[ Back to EurekAlert! ] Public release date: 8-Oct-2008
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Contact: Diana Kenney
dkenney@mbl.edu
508-289-7139
Marine Biological Laboratory

MBL scientist Osamu Shimomura wins Nobel Prize for discovery of green fluorescent protein

IMAGE: Aequorea, the jellyfish from which green fluorescent protein is derived.

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MBL, WOODS HOLE, MA — Osamu Shimomura, a senior scientist emeritus and Corporation member at the Marine Biological Laboratory (MBL), has been awarded the Nobel Prize in Chemistry for his discovery of green fluorescent protein (GFP), one of the most important tools in contemporary science and medicine for illuminating life at the microscopic level.

Dr. Shimomura shares the prize, which was announced early today in Stockholm, with Martin Chalfie of Columbia University, New York, and Roger Y. Tsien of University of California, San Diego.

Dr. Shimomura was an MBL senior scientist from 1982-2001, prior to his retirement. He first noticed a green fluorescing molecule in the jellyfish Aequorea in 1961, while he was a researcher at Princeton University. He patiently extracted the molecule from 10,000 specimens that he collected in Friday Harbor, Puget Sound, purified it, and identified it as a protein. The protein, Dr. Shimomura reported in 1962, fluoresces green when hit with ultraviolet light. Today, GFP is a guiding star for biochemists, medical scientists, and other researchers. With the aid of GFP, researchers have developed ways to watch processes that were previously invisible, such as the development of nerve cells in the brain or how cancer cells spread.

“GFP technology has revolutionized what we can see at the most fundamental levels of life,” says Gary Borisy, director and chief executive officer of the MBL and a prominent cell biologist. “GFP is revealing, for example, how proteins move and interact in cells. Now that the human genome is sequenced, understanding protein function is one of the greatest scientific and medical challenges of our time. “

The tremendous utility of GFP in probing the inner life of cells and their components was demonstrated by Chalfie, who in 1994 showed how GFP can be used as luminous genetic tag for various biological phenomena. When the gene for GFP is attached to the gene for some protein of interest, then when the cell makes the protein, it also makes the GFP, which “lights up” the protein and allows scientists to observe it. Roger Y. Tsien, a former lecturer in the MBL Neurobiology course, contributed to our general understanding of how GFP fluoresces. He also extended the color palette beyond green, allowing researchers to give various proteins and cells different colors. This enables scientists to follow several different biological processes at the same time.

Dr. Shimomura is the 57th scientist affiliated with the MBL since its founding in 1888 to receive the Nobel Prize.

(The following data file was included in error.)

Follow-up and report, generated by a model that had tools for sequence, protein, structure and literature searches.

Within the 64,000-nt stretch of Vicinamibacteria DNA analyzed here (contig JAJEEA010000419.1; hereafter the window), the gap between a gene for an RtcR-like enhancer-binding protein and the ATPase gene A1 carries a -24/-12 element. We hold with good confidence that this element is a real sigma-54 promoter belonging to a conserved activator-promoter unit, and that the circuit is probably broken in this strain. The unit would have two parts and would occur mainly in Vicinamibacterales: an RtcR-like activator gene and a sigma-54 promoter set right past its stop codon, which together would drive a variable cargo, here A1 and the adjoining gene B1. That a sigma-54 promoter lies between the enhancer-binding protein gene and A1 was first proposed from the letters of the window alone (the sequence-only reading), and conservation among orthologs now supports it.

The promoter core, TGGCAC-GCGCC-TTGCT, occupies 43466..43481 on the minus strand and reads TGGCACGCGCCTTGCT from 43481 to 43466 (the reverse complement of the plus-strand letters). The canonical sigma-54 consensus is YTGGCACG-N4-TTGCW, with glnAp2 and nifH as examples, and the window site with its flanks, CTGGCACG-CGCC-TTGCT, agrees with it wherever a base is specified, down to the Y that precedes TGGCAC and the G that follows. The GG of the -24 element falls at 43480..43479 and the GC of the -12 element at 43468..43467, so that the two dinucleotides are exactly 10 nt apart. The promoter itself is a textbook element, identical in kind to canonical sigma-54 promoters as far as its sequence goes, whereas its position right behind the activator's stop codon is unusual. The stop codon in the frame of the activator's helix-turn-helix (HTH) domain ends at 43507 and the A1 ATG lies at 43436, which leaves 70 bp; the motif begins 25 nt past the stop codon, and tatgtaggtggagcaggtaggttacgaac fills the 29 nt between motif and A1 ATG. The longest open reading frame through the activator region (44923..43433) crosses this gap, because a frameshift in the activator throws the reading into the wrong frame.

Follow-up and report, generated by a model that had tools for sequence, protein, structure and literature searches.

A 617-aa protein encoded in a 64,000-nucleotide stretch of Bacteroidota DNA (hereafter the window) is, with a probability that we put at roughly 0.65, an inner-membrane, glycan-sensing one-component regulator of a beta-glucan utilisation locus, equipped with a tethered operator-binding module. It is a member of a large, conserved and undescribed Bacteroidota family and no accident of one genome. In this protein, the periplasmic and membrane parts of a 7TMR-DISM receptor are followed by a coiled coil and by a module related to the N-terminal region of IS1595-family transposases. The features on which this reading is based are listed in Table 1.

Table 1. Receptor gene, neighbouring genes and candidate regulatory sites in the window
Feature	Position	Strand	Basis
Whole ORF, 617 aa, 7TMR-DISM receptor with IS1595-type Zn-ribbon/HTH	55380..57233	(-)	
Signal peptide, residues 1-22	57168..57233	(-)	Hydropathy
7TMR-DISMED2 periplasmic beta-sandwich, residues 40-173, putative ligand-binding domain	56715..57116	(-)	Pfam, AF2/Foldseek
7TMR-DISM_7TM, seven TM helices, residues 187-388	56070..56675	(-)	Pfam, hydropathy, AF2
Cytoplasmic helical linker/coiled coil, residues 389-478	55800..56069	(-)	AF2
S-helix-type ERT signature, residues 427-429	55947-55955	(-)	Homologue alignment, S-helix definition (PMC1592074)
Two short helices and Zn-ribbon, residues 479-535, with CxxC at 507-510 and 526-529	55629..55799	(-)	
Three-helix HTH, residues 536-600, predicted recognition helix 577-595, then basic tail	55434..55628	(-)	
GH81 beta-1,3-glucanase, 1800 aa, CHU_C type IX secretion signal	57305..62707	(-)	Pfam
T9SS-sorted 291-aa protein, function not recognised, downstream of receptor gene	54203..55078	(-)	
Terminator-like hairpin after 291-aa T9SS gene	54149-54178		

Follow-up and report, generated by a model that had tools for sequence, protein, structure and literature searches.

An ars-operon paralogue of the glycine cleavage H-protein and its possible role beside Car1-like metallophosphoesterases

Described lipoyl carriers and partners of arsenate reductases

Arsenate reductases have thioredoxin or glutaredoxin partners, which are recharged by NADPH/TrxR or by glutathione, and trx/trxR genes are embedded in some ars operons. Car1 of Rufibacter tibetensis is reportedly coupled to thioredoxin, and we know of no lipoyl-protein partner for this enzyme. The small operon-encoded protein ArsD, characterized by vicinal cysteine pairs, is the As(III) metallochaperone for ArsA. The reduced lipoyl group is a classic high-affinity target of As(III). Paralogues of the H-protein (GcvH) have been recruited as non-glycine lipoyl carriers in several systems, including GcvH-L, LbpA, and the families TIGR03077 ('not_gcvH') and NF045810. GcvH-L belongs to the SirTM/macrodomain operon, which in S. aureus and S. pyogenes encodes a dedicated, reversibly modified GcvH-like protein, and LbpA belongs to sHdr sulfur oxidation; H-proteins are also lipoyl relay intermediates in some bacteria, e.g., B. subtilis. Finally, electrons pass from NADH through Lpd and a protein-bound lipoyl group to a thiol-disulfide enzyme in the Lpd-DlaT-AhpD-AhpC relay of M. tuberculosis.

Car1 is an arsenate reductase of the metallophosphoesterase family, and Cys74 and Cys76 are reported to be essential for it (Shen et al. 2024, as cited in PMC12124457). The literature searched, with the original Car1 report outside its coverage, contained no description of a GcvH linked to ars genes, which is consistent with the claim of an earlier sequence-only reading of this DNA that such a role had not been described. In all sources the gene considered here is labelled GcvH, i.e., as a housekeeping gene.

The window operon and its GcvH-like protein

From the time he discovered this “beautiful protein,” Dr. Shimomura says, until 1979, he devoted his research to characterizing GFP, its companion protein in the jellyfish, aequorin, and bioluminescence in general.

“Most of my knowledge came from self-study,” says Dr. Shimomura. “If you find an interesting subject, study it through to the finish. If you confront difficulties, overcome them. Don’t be discouraged. There are always difficulties in research.”

Born in Kyoto, Japan, on August 27, 1928, Osamu Shimomura graduated from Nagasaki College of Pharmacy in 1951 and worked as a research student in Organic Chemistry at the laboratory of Professor Hirata at Nagoya University from 1955 to 1958. He obtained his Ph.D. in organic chemistry from Nagoya University in 1960. He was a research biochemist at Princeton University from 1960 to 1982, and is an adjunct professor emeritus at Boston University Medical School.

During Dr. Shimomura’s tenure at the MBL, he was an integral part of the MBL’s research activities, presenting scientific reports in the MBL General Scientific Meetings, authoring articles in the scientific journal based at the MBL, The Biological Bulletin, and serving as an expert advisor on the green fluorescent protein. Shimomura’s wife, Akemi, was also a member of the MBL’s research staff from 1982 to 2001, working as Dr. Shimomura’s research assistant. Dr. Shimomura has been a member of the MBL Corporation since 1988. In 2002, the MBL presented a symposium in honor of Dr. Shimomura’s achievements.

Osamu and Akemi Shimomura live in Falmouth, Massachusetts. They have two grown children.

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The MBL is a leading international, independent, nonprofit institution dedicated to discovery and to improving the human condition through creative research and education in the biological, biomedical and environmental sciences. Founded in 1888 as the Marine Biological Laboratory, the MBL is the oldest private marine laboratory in the Western Hemisphere. For more information, visit www.MBL.edu



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